Chairman Barbara Boxer (D-Calif.) had authored the bill. Perchlorate, a toxic component of rocket fuel, has contaminated underground drinking water supplies in 35 states, including California.

The bill would require EPA to reestablish its previous perchlorate in drinking water monitoring rule and direct that consumers be advised about perchlorate contamination in their drinking water.

EPA also would have to create a perchlorate health advisory and then a drinking water standard, both of which would protect children and pregnant women.

Another approved bill would mandate that EPA update its tap water standards to protect against the solvent trichloroethylene (TCE). It is the most common organic groundwater contaminant in the U.S. and can cause cancer and birth defects. The bill also requires EPA to set a health advisory to warn consumers about dangerous levels of TCE.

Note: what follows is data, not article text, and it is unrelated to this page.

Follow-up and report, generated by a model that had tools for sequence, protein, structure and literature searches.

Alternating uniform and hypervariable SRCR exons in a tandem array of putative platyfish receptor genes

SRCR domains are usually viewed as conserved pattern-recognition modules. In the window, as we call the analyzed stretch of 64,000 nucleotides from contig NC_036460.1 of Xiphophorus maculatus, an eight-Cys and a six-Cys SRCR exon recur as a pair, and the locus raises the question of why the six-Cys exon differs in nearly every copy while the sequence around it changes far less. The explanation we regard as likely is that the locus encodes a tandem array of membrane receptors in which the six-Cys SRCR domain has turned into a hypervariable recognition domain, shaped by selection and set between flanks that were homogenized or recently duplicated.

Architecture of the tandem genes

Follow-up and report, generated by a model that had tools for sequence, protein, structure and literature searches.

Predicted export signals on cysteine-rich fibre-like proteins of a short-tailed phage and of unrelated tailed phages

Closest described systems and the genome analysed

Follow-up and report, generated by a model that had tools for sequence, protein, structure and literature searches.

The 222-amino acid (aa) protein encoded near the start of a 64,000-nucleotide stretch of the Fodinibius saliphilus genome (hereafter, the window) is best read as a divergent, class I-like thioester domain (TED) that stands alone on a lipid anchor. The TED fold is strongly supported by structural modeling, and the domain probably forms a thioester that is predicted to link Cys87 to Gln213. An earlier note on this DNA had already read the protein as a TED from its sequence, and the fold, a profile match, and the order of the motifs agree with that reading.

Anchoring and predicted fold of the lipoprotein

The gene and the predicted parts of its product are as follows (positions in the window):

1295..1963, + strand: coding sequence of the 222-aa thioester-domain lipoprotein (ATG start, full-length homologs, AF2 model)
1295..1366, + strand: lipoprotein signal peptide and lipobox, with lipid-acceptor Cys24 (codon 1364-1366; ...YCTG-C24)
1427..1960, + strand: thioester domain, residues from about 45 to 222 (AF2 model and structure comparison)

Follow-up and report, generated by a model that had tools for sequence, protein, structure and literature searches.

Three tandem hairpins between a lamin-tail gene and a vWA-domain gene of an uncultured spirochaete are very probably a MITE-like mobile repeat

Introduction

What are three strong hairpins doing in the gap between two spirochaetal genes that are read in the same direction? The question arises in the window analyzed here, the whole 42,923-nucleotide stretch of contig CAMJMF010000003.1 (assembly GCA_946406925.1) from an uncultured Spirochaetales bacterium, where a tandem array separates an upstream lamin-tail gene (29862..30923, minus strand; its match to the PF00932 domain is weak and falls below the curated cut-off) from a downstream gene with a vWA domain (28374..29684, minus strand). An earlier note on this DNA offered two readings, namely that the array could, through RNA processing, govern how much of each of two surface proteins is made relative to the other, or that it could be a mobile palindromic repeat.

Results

A third bill requires EPA to establish a Small Public Water System Assistance Program to help those utilities comply with national primary drinking water regulations. The bill authorizes the program at $750 million per year for seven years. The funds would have to be appropriated later.

In other Washington news:

  • The Water Resources Coalition has urged Congress to pass fiscal 2009 Energy and Water Appropriations bills that fund the Army Corps of Engineers and the Bureau of Reclamation. The House and Senate bills allocate $560-600 million more to the Corps and $150-600 million more to the Bureau than the Bush Administration requested.
  • The Bureau of Reclamation has issued a plan, part of its Water for America Initiative with the U.S. Geological Survey, to help communities meet increasing demands on limited water supplies.
  • The Centers for Disease Control and Prevention has reported that nearly 70% of the water supplied by community systems is fluoridated. It said the proportion of the U.S. population receiving fluoridated water, about 184 million people, increased from 65.8% in 1992 to 69.2% in 2006.
  • The Total Coliform Rule/Distribution System Advisory Committee has decided to recommend that EPA drop it's reliance on a total coliform maximum contaminant level (MCL) in favor of a treatment technique approach triggered by the total coliform regulatory number. The E. coli MCL would be unchanged.